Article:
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June 21, 2011 / Karen Hill Anton

Brush can be louder than words

Taking a break after calligraphy practice

(0ctober 24, 1991)                                                           

My father, who was born at the end of the 19th century, wrote on vellum paper with a fountain pen he dipped in ink. At a time when it was considered an accomplishment to have good penmanship, he was known to have a “fine hand”. The neighbors appreciated it when he set up a blackboard in our living room, put out a table with writing implements, and offered to give penmanship lessons to their children.

Naturally I attended these lessons, and learned to love the technique of transferring words from pen and ink to paper. My interest led me straight to calligraphy. Although that word “is not an exact equivalent of the Japanese expression sho” as John Stevens says in Zen and the Art of Calligraphy, I had long wanted to study this art form.

After arriving here and inquiring about calligraphy classes, I met a woman who offered to introduce me to her teacher, if indeed I wanted to be a “serious student.” How serious was I? How serious did I have to be? I heard from others that the sensei, Oki Roppo, well known and highly esteemed, was called “One of the five fingers of Japan.” Though grateful for the chance of an introduction, I was hesitant: could I possibly meet the expectations of this eminent teacher? And, more practically, did I want to travel five hours just to get to the class in Shizuoka city and then another five hours back to our home in the mountains?

I attended one class with the idea I would make my decision whether to join or not afterward. But my mind was made up the minute I stepped into his studio. Eighty-three years old then, Oki-sensei sat at his writing table surrounded by his brushes and time-worn suzuri (inkstones), and an aura of tranquility. I presented him with a loaf of bread I’d baked. He received it telling the students present how pleased he was to have a homemade gift.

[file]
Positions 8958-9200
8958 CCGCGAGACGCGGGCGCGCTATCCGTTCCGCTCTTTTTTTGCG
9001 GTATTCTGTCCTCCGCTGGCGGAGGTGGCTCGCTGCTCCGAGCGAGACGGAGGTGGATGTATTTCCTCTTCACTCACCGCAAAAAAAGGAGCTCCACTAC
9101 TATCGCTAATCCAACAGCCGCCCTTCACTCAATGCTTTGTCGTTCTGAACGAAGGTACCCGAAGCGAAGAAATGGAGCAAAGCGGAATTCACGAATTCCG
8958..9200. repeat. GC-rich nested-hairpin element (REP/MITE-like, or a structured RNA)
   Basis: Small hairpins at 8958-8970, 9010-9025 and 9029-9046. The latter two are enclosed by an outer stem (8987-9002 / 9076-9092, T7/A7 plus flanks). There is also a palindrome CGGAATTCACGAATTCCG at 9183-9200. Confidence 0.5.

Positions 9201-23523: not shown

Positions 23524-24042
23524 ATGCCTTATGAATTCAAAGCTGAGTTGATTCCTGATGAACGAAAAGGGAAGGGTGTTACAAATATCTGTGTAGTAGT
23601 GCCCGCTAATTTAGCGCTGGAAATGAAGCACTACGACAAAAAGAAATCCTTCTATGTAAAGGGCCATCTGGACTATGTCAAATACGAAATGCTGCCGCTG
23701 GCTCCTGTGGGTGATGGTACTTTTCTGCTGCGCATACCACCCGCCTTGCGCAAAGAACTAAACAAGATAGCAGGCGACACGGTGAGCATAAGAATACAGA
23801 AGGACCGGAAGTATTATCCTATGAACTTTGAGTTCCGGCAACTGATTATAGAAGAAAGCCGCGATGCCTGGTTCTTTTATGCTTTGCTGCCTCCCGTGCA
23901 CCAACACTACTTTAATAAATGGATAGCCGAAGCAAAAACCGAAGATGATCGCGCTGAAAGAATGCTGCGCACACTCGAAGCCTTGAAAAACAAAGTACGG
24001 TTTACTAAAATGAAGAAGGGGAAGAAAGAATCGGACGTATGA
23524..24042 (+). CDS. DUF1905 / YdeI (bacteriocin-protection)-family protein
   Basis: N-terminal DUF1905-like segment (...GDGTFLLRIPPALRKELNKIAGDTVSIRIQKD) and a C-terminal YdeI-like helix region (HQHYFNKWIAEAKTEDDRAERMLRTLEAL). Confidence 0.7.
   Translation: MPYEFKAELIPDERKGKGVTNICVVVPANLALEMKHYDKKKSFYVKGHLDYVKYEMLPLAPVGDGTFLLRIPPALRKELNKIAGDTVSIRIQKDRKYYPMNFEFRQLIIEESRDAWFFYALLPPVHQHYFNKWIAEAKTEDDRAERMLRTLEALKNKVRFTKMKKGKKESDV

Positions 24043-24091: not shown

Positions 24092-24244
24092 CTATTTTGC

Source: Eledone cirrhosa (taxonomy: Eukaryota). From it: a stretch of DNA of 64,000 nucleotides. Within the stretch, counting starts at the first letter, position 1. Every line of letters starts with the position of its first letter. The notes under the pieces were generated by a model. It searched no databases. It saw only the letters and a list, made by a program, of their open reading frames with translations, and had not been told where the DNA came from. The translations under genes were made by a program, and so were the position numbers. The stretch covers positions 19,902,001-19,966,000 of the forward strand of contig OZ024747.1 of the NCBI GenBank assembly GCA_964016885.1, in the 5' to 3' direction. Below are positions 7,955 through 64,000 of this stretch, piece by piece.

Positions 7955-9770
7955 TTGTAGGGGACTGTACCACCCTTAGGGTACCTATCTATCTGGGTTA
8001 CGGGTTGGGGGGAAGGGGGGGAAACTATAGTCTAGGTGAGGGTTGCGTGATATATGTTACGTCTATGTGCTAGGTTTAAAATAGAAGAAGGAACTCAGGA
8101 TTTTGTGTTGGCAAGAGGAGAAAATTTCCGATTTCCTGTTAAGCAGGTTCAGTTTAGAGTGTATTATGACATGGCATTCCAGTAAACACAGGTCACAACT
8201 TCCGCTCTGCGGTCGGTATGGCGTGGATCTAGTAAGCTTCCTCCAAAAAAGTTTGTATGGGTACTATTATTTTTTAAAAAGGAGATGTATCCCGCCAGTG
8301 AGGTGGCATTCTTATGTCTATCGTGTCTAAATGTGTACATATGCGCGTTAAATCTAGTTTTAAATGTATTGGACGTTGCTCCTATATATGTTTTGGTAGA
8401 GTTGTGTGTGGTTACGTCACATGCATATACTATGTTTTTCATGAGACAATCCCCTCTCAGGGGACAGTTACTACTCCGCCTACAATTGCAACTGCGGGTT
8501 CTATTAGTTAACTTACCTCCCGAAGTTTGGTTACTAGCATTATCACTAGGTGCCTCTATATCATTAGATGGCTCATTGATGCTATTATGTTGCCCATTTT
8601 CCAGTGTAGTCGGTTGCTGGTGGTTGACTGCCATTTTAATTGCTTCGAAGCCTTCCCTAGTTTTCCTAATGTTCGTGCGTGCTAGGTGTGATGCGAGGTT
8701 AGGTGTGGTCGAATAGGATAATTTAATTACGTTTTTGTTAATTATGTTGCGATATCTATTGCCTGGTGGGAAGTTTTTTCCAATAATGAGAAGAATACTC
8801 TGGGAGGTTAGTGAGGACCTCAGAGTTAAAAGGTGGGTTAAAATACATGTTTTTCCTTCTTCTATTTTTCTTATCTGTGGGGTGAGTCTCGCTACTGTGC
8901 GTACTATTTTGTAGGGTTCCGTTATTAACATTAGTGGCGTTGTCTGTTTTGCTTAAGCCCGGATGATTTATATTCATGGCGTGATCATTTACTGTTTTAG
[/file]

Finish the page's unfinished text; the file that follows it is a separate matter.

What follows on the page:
He told me he would be glad to accept me as his student, and said that although I might not realize it, I was fortunate in not having ever studied before as I would not have any mistaken preconceptions.

I was given an o-tehon (a book of samples, that he wrote himself) and told that I should bring my work the next week to be corrected. I practiced at home every day the simple characters I’d been given, but after a week of effort I could not be pleased with the results.

When I returned to class the following week I sat in the formal seiza position and watched while he checked the work of the students before me. Their work was beautiful. (I later learned that most of his students, including the woman who had introduced me, were teachers of calligraphy themselves.) By the time it was my turn to show my work I was so embarrassed and ashamed by its primitiveness, I cried. He made the corrections, said a few inaudible words, and wrote the samples for the next lesson. Oddly, I felt encouraged. I mean, he hadn’t thrown my work away and told me never to come again!

I continued to study with him for about 5 years, and for a long time I felt handicapped by my lack of knowledge of kanji and the techniques of calligraphy. Disadvantaged is what I felt when I compared myself to the other students, not “fortunate.” And I could not reconcile myself to his method of teaching – he rarely spoke. I wanted desperately to be told and instructed in very definite terms, as I was accustomed to. I could hardly see the point of traveling so far just to watch him write.